Biography of Witter Bynner
Harold Witter Bynner (August 10, 1881 – June 1, 1968) was an American poet, writer and scholar, known for his long residence in Santa Fe, New Mexico, at what is now the Inn of the Turquoise Bear.
Bynner settled in Santa Fe, in a steady and acknowledged 30-year homosexual relationship with Robert Hunt. He became a friend of D. H. Lawrence, and traveled with him and Frieda von Richthofen in Mexico; he much later in 1951 wrote on Lawrence, while he and his partner Willard Johnson are portrayed in Lawrence's The Plumed Serpent. Bynner and Hunt had numerous parties at their house, hosting many notable writers, actors, and artists, which guests included Ansel Adams, Willa Cather, Igor Stravinsky, Edna St. Vincent Millay, Robert Frost, W. H. Auden, Aldous Huxley, Clara Bow, Errol Flynn, Rita Hayworth, Christopher Isherwood, Carl Van Vechten, Martha Graham, Georgia O'Keeffe and Thornton Wilder.
On January 18, 1965, Bynner had a severe stroke. He never recovered, and required constant care until he died on June 1, 1968. His papers are archived in the New Mexico State University Library.
Witter Bynner Poems
Among the automobiles and in a region Now Democratic, now Republican, With a department-store, a branch of the Legion,
I Come And Go
I Come and go And never stay. I pick and choose A night, a day,
In Kamakura, near the great Daibutsu, When I had sat a long time on the ground And been gathered up, forgetful of my face and form,
A Farmer Remembers Lincoln
Well, I was in the old Second Maine, The first regiment in Washington from the Pine Tree State.
Fiercely I remove from you All the little vestiges- Garments that confine you, Things that touch the flesh,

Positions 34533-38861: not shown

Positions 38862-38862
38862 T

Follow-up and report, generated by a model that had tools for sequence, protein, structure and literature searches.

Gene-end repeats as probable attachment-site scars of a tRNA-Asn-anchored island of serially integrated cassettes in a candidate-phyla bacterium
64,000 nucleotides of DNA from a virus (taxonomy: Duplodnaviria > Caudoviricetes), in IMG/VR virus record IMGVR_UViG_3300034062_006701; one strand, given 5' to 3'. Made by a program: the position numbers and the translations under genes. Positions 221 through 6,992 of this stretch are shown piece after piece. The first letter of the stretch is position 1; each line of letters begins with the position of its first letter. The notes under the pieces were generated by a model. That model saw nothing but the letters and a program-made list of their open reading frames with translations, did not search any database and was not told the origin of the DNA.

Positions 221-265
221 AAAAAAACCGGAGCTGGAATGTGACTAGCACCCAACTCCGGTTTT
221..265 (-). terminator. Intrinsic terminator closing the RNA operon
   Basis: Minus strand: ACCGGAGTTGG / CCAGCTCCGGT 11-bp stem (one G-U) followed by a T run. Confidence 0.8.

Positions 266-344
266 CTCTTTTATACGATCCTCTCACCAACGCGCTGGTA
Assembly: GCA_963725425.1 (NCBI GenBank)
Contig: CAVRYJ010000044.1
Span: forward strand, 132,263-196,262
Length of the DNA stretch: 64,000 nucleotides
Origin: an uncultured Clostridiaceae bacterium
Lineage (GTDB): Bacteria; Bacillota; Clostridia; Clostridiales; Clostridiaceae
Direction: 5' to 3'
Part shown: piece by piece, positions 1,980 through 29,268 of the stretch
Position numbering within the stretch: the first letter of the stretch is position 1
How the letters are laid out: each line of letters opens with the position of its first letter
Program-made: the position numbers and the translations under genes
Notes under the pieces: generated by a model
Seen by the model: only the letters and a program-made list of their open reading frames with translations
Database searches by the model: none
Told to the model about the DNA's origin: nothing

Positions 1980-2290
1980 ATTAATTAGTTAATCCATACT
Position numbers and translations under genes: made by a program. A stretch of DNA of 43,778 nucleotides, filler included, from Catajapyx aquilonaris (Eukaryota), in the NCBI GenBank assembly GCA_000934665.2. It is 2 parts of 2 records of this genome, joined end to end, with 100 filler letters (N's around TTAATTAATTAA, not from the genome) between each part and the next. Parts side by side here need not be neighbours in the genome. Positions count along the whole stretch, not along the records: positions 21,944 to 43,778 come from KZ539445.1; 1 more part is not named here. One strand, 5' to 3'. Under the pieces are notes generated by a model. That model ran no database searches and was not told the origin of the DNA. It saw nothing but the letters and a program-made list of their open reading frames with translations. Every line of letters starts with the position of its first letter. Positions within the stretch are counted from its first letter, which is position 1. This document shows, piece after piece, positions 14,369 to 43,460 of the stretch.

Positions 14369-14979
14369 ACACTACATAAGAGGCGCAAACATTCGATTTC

Cease from the asking, you receive the answer. God is not God, life life
Clouds dream and disappear; Waters dream in a rainbow and are gone; Fire-dreams change with the sun Or when a poppy closes;
At The Touch Of You
As if you were an archer with your swift hand at the bow,
To Any One
Whether the time be slow or fast, Enemies, hand in hand, Must come together at the last And understand.
Grieve Not For Beauty
Grieve not for the invisible, transported brow On which like leaves the dark hair grew, Nor for the lips of laughter that are now
Has Like a navel A hole in its middle Through which a gull may fly
When I walked home forgotten, When I walked home in grief, I found a letter under my door.
By seven vineyards on one hill We walked. The native wine In clusters grew beside us two, For your lips and for mine,
Though wisdom underfoot Dies in the bloody fields, Slowly the endless root Gathers again and yields.
Hills Of Home
Name me no names for my disease,
With uninforming breath;
I tell you I am none of these,
But homesick unto death --
Homesick for hills that I had known,
For brooks that I had crossed,
Before I met this flesh and bone
And followed and was lost. . . .